And when he opened the fifth seal, I saw underneath the altar the souls of them that had been slain for the word of God, and for the testimony which they held: and they cried with a great voice, saying, How long, O Master, the holy and true, dost thou not judge and avenge our blood on them that dwell on the earth? (Rev. 6,9, 10).

This surely raises the question: Can you stop at Psalm 137:8, 9 when you refuse to acknowledge these verses as God’s inspired Word—in the sense that Christians have traditionally adopted—or must you not of necessity reject a great deal of the New Testament too?

Another significant expression in Psalm 137 is:

Remember, O Jehovah, against the children of Edom The day of Jerusalem; Who said, Rase it, rase it, Even to the foundation thereof (vs. 7).

Here we have Edam, that is Esau, versus Jerusalem, that is Jacob. No doubt you, too, think of the words, “Jacob have I loved, but Esau have I hated” (Mal. 1:2,3; Rom. 9:13). God is love, and his mercy endureth forever. But he also rejects the evildoer and hates sin. And he orders: “Ye that love Jehovah, hate evil.” The history of Israel is not only a revelation of God’s love for his people but also of his judgment upon sinners. Both aspects of God’s dealings with men are clearly revealed, and we may not sit in judgment upon God in accepting one aspect while making our own reservation about the other. The citation of some of the imprecatory psalms in connection with the record of Jesus’ suffering and death reminds us that the same God who spoke in the Old Testament reveals himself supremely in the Cross of Christ. There. too. is love and wrath. God manifested his love in that Christ died for us, but we may not close our ears to the awful cry of those who crucified the Lord of glory—“His is blood be on us and our children.” When we stand before the Cross we are challenged to kiss the Son lest he be angry and we perish in the way, for his wrath will soon be kindled (Ps. 2).


Universalism appeals to us all! Surely it is attractive to think that God who is love cannot and will not condemn sinners. It is seeming kindness to say to men, all men. “God is for you; in Christ God has elected and rejected everyone and so we can say to all without exception: There is no condemnation for you are in Christ Jesus.” But let us rid ourselves of such rose-colored glasses and read again the words of the Savior on the way to Golgotha:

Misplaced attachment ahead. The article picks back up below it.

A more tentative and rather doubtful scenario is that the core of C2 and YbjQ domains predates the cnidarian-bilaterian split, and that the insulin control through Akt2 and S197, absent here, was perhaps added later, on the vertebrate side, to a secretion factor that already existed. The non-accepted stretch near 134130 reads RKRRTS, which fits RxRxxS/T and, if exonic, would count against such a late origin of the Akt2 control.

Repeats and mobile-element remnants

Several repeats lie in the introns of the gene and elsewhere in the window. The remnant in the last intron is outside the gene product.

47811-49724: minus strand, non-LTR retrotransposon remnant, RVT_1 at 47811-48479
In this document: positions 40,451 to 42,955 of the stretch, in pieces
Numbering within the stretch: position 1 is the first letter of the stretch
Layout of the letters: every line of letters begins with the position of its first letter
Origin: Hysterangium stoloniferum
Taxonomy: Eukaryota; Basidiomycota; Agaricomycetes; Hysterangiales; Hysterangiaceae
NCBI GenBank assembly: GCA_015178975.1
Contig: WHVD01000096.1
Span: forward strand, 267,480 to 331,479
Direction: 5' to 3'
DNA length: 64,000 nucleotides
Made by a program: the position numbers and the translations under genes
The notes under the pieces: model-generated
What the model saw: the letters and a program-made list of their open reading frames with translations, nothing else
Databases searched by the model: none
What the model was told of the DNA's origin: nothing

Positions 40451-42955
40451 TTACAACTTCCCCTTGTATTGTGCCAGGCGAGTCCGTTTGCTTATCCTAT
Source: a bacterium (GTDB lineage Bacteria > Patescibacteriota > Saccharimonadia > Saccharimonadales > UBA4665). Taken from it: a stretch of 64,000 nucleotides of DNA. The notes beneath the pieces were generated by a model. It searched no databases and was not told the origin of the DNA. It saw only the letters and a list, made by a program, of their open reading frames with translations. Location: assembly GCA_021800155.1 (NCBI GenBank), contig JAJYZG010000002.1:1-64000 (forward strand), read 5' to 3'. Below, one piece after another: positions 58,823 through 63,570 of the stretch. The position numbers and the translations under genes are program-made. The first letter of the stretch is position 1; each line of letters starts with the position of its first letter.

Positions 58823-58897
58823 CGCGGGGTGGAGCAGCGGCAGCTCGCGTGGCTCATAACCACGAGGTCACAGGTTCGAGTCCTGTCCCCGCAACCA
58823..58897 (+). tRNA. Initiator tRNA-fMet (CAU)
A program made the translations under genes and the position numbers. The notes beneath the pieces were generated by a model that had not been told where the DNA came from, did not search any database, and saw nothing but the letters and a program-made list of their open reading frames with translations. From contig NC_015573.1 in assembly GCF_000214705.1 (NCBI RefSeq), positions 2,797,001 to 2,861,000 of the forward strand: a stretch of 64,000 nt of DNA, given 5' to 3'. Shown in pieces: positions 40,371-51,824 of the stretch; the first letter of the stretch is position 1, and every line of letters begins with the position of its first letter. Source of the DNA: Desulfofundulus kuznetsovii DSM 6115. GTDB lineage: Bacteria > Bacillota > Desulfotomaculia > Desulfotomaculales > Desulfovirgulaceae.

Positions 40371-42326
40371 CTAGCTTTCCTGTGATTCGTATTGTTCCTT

Daughters of Jerusalem, weep not for me, but weep for yourselves, and for your children…For if they do these things in the green tree, what shall be done in the dry? (Luke 23,28, 31).

Let us then say with Spurgeon in his introduction to Psalm 109:

Truly this is one of the hard places of Scripture, a passage which the soul trembles to read; yet as it is a Psalm unto God, and given by inspiration, it is not ours to sit in judgment upon it, but to bow our ear to what God the Lord would speak to us therein (Treasury of David, vol. V, p. 157).

Whatever else it may teach us, in such a psalm of vengeance and stem punishment of the wicked we should hear a call to repentance! That is the lost chord in the Barthian system in as far as I have knowledge of it. God is for man, but only when man is reconciled to God by repentance and faith in Christ. It was Paul who said, “Knowing therefore the terror of the Lord, we persuade men” (II Cor. 5:11. A.V.). Only when we realize that it is a fearful thing to fall into the hands of the living God, and understand that he is indeed a consuming fire (Heb. 10:31, 12:29) will we feel the urgency of beseeching men to be reconciled to God. There is no peace, says God, to the wicked! The danger of hardening one’s heart is very great. God warns against it because he takes no pleasure in the death of the wicked, but rather that he repent and live.

It has often been remarked that the question of the authority of Scripture is largely a formal one. And there does appear to be a shifting of emphasis from what we view the Bible to be to the problem of how to understand it. No doubt there is a large element of truth in all this. However, if the dialogue between M. Barth and Klooster proved nothing else it again pointed up the fact that what you understand the Bible to be will determine to a large extent your approach to and interpretation of it.

A mere formal acceptance of a dogma of biblical infallibility and assent to verbal inspiration will not guarantee a correct understanding of Scripture. But a truly humble, believing acceptance of the Bible as God’s Word will have everything to do with how we are trying to understand it. Therefore, whatever may be our interpretation of the meaning of the imprecatory psalms, let us not follow Marcus Barth in classifying them as words of mistaken men. Scripture is one and cannot be broken—to give up even these seemingly small parts of it as only human words would be like opening a hole in the dike to let in a flood of rationalism leading to a denial of our historic Christian faith!